From the wide variety of alternatives in the Guns.com Warehouse, we bring you 1 of the neatest 1950s-era plinkers ever fielded, the Whitney Wolverine.
Springing from the thoughts of storied firearms inventor Robert L. Hillberg, the Wolverine match its era when it came to aesthetics, with a dynamically contoured design and style and sweeping lines akin to the exotic race automobiles of the day such as the Ferrari 335 S Spider Scaglietti and Mercedes-Benz W196 — but in an very affordable .22LR pistol.
Hillberg, a Navy veteran who had a hand in some of the most iconic firearms of the 20th Century, struck out and co-founded the brand-new Whitney Firearms Firm in 1955 in Hartford, Connecticut, as an ode to well-known Industrial Revolution kick starter Eli Whitney.
Their flagship gun, billed as “Modern as Tomorrow,” was the Wolverine.
For the low-low cost of just $39.95, the Whitney Wolverine was billed as the world’s quickest pointing AND firing pistol with “never prior to possible” monoblock building, and exclusive security features– no additional charge for its Flash Gordon/Buck Rogers ray gun vibe.
The Wolverine applied a four.65-inch barrel inside an aluminum alloy frame with barrel shroud to make a gun that was a “featherweight” at 23-ounces. Plastic grips and “non recoiling” sights completed the package even though a 10-round single stack detachable magazine was held in spot with a heel release.
In production for significantly less than a decade, Whitney was gone by 1962 and an estimated 13,000 blued models have been produced– of which we have at least two in stock. The nickel-completed version is considerably tougher to lay hands on, with about 900 created.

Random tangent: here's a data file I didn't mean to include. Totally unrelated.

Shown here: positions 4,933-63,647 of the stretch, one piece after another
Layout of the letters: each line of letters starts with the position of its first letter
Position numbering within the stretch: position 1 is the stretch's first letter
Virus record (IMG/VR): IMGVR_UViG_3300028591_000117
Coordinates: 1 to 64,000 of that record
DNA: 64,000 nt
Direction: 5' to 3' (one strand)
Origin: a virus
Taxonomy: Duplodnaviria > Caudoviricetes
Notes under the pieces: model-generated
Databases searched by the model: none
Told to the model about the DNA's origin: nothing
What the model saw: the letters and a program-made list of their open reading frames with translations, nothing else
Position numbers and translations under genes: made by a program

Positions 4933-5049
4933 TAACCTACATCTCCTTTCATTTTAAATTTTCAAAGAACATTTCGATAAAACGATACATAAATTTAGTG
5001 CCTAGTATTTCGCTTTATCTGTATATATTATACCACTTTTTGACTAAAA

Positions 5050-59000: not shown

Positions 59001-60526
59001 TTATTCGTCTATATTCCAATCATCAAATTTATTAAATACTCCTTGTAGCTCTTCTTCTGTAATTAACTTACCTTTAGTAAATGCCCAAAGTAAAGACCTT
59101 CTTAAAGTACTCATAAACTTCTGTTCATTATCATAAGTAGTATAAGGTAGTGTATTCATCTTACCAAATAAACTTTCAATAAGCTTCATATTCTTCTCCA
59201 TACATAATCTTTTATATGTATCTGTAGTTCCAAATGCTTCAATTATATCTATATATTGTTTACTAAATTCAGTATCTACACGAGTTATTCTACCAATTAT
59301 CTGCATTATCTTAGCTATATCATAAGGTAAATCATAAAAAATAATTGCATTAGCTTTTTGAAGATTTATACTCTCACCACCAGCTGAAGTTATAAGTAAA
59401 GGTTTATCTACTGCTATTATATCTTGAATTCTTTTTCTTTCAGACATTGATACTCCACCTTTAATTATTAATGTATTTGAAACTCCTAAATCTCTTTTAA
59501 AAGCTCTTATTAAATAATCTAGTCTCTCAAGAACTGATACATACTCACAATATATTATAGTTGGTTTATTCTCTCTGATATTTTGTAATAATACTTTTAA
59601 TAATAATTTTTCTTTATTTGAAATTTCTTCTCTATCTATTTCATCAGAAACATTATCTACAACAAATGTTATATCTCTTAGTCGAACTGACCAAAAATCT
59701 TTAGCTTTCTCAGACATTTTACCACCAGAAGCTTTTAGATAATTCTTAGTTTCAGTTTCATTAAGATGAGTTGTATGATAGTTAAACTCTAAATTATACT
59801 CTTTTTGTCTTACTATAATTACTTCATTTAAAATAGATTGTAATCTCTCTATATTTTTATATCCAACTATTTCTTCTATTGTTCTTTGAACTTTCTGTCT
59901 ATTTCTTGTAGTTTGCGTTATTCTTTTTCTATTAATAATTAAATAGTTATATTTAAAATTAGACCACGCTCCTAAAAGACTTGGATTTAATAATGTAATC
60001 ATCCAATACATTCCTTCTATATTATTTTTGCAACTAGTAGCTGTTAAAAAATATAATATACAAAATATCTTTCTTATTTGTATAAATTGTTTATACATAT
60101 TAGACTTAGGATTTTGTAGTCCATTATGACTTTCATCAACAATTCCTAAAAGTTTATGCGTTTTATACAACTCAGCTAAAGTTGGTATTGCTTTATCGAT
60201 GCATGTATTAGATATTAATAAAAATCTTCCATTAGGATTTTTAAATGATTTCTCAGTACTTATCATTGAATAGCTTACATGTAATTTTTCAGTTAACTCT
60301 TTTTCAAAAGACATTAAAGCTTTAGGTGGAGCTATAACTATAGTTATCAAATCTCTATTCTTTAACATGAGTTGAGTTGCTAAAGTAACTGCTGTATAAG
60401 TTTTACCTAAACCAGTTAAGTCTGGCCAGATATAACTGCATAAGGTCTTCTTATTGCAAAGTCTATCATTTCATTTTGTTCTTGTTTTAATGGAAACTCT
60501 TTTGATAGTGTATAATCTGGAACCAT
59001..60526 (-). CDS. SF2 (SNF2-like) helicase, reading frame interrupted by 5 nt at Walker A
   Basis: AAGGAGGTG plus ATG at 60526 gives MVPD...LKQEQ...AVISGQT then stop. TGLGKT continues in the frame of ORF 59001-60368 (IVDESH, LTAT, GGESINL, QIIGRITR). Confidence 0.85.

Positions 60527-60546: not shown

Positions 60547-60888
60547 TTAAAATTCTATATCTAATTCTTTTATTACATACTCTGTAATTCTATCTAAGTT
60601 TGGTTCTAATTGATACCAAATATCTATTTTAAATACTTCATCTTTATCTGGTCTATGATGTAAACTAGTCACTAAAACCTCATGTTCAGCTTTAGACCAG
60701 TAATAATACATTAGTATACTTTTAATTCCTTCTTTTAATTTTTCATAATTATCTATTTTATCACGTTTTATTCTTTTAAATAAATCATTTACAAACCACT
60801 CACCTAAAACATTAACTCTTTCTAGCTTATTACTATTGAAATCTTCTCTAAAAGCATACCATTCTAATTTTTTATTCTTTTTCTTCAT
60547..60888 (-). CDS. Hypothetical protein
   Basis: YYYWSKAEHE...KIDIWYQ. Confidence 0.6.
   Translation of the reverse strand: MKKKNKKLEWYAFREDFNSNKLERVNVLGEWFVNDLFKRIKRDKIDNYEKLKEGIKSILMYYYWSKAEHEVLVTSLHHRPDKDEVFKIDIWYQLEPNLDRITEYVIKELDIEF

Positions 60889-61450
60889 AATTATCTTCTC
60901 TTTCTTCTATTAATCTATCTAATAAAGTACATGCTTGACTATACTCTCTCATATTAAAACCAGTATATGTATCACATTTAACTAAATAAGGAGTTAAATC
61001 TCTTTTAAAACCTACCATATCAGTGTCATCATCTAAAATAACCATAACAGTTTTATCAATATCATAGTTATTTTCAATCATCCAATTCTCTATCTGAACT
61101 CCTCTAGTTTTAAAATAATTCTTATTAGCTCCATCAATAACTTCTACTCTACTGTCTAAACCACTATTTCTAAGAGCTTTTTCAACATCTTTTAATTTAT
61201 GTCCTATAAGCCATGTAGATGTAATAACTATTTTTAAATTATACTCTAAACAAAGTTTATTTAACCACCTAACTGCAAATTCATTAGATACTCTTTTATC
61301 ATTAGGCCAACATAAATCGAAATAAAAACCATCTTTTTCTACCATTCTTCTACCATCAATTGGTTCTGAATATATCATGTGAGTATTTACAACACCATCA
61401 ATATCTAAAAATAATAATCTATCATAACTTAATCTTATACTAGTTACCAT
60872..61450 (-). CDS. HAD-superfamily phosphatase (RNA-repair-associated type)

The finish of the Wolverine, even so, was not the finish of Hillberg. More than the years, he took out extra than 30 patents even though operating for not only regular gun and munitions makers like Higher Common, Wildey and Olin but also flare gun maker Bellmore Johnson Tool Co, remaining active effectively into the 1980s.
He even made a Vietnam-era shotgun intended for guerillas, named the catchy Hillberg Insurgency Weapon, which lived on as the ill-fated Winchester Liberator. A single of his final styles to see production was the COP, a four-barreled pistol chambered for .357 Magnum, which was made by American Derringer.
Just before he shuffled off to the wonderful gun factory in the sky in 2012 at age 94, Hillberg was asked which 1 of his styles he loved the most, to which he replied “The Whitney pistol.”
And it is uncomplicated to see why.
To see extra on Guns.com’s personal steady of Wolverines, be certain to verify them out and head back from time to time and see what else we have on hand. Also, if you have 1 for sale, we can deal with that, also.